As American forces bombed a Doctors Without Borders hospital in Kunduz, Afghanistan, on October 3, staff with the medical charity frantically reached out more than a dozen times, by telephone and text, to contacts at NATO, under which the US was operating, as well as the US Department of Defense. But, according to a report released by the group on Thursday, the attack continued for at least an hour, during which time NATO said it was "praying" for those inside the hospital -- even as its forces continued striking the facility and fired on those fleeing.
MSF, as the charity is known by its French acronym, says that at least 30 people, including 13 staff and 10 patients, were killed in the attack, which took place after days of intense fighting in the city. The incident led to a rare public apology from US president Barack Obama, and promises from American officials that investigations will be carried out. The US claims that the hospital was hit by mistake, and reports have indicated some officials believed Taliban fighters were making use of the hospital. While MSF says it was treating victims from all sides, including the Taliban, it denies that armed Taliban fighters were present on the night of October 3.
"The view from inside the hospital is that this attack was conducted with a purpose to kill and destroy," said Christopher Stokes, MSF general director, in a statement. "But we don't know why."
MSF says that it repeatedly relayed coordinates of the facility to defense officials in the days prior, and contends that US forces and NATO were well aware the facility was a hospital. But in its findings, the charity said that "a series of multiple, precise and sustained airstrikes" targeted the main hospital building. "This specific building of the hospital correlates exactly with the GPS coordinates provided to the parties of the conflict," wrote MSF.
First hit was the intensive care unit, where a number of patients were being treated, including several hooked to ventilators, and two children.
"MSF staff were attending to these critical patients in the ICU at the time of the attack and were directly killed in the first airstrike or in the fire that subsequently engulfed the building," wrote the charity. "Immobile patients in the ICU burned in their beds."
Those who were able to flee the hospital suffered similar fates. MSF staff reported that people running from the hospital were in several instances on fire, and that they subsequently fell to the ground unconscious. A patient in a wheelchair was "attempting to escape from the inpatient department when he was killed by shrapnel from a blast." Another hospital staff member was decapitated by shrapnel, according to the report.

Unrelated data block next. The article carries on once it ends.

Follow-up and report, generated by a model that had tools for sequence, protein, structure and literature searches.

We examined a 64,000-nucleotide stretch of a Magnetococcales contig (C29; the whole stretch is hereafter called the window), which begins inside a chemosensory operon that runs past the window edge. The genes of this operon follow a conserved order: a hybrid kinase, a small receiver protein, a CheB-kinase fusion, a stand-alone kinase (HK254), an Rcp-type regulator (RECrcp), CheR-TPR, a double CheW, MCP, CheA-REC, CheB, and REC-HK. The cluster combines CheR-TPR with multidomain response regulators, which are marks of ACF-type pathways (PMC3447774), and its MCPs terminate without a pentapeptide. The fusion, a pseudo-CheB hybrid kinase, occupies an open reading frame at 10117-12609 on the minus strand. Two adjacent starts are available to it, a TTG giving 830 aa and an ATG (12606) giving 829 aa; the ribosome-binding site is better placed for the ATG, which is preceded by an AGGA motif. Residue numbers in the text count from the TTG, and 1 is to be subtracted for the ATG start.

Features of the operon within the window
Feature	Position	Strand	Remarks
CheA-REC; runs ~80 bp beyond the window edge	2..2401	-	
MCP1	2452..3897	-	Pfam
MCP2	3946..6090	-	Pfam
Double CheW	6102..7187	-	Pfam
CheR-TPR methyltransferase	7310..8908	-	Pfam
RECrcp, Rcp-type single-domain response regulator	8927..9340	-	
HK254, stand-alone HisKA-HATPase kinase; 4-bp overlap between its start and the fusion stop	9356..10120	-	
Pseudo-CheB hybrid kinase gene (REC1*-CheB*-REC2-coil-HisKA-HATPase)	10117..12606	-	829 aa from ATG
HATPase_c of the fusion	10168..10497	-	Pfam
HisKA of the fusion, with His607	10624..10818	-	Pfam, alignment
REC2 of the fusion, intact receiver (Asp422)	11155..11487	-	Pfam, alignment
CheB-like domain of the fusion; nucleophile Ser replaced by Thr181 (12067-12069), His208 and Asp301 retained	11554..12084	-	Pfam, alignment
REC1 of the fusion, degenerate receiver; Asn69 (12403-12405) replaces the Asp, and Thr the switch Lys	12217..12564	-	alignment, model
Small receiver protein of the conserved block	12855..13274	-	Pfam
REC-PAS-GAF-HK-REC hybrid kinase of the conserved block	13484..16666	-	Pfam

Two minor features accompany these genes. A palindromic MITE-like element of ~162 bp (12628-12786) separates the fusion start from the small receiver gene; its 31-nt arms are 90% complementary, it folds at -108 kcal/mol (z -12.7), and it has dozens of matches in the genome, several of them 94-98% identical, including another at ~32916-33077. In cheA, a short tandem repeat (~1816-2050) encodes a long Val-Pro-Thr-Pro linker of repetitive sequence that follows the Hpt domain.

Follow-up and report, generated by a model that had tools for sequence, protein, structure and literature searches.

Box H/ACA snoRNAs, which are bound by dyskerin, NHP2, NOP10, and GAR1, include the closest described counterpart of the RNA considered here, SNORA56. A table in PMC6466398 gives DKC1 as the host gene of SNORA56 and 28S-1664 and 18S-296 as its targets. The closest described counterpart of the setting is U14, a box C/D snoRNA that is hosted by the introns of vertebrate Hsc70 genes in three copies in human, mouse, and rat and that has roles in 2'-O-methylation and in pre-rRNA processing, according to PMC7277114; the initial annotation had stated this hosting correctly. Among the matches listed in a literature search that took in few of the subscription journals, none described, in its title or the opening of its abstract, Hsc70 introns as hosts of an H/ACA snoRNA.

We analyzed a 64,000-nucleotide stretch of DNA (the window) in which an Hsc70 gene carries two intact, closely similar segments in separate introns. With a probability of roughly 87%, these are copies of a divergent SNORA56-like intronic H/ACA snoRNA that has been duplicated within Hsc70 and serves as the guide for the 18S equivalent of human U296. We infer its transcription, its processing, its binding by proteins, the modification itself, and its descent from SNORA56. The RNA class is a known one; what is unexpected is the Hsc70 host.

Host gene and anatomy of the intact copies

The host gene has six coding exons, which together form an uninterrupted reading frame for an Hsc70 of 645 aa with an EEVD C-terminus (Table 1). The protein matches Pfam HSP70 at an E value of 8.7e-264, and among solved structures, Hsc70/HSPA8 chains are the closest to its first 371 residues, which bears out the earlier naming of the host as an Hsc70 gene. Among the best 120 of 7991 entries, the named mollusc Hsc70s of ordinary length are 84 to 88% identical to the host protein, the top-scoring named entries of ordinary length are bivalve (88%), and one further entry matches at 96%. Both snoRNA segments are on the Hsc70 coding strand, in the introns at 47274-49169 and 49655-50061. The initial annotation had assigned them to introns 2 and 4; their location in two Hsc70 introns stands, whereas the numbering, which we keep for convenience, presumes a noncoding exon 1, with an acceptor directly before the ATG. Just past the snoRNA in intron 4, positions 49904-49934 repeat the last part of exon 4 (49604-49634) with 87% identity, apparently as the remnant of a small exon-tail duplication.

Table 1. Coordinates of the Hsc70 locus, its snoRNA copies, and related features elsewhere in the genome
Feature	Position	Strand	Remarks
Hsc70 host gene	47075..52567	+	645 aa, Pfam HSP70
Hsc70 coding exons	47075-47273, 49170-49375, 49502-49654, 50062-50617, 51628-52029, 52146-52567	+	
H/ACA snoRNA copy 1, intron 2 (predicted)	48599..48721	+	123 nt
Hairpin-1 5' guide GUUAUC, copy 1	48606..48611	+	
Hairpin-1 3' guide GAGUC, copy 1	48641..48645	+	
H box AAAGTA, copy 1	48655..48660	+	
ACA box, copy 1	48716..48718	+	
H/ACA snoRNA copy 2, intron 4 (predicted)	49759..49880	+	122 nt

"Many staff described seeing people being shot, most likely from the [US] plane, as people tried to flee the hospital building that was being hit with each airstrike," reported MSF. "Some accounts mention shooting that appears to following the movement of people on the run. MSF doctors and other medical staff were shot while running to reach safety in a different part of the compound."
The report lists multiple attempts to contact NATO, American forces and the UN during the onslaught. Starting at 2.19AM local time, an MSF staff member in Kabul called NATO's Resolute Support mission based in the country to inform it that the hospital had been targeted. Over the next hour, MSF staff made more than a dozen calls and sent text messages to relevant authorities, to no avail. At 2:52, in response to an earlier text frantically notifying the mission of ongoing attacks, a NATO representative texted back, "I'm sorry to hear that, I still do not know what happened."
At 2:59AM, after nearly an hour of attacks on the hospital, Resolute Support texted MSF in Kabul, saying "I'll do my best, praying for you all." The strikes finally ceased sometime between 3AM and 3:13AM, according to MSF's report.
Sarah Knuckey, director of Columbia Law School's Human Rights Institute, said the report suggested there was no legitimate basis for targeting the hospital.
"What is needed from the US government is a minute by minute explanation of what the attacking forces knew and when, and what decisions were made, and on what basis." said Knuckey. "In particular, the US needs to explain what legally required precautions it took or failed to take to avoid civilian harm."
Knuckey added that the report's reference to attacks on fleeing staff and patients "may amount to violations of the laws of war, and require individualized investigations and responses from the US government."
Reached on Thursday, a NATO spokesperson with Resolute Support said the mission could not not comment on the MSF report due to ongoing investigations.
"We express our deepest condolences to families of those affected by this tragic incident," said Col. Michael T. Lawhorn. "We are committed to ensuring thorough and complete investigations into this matter."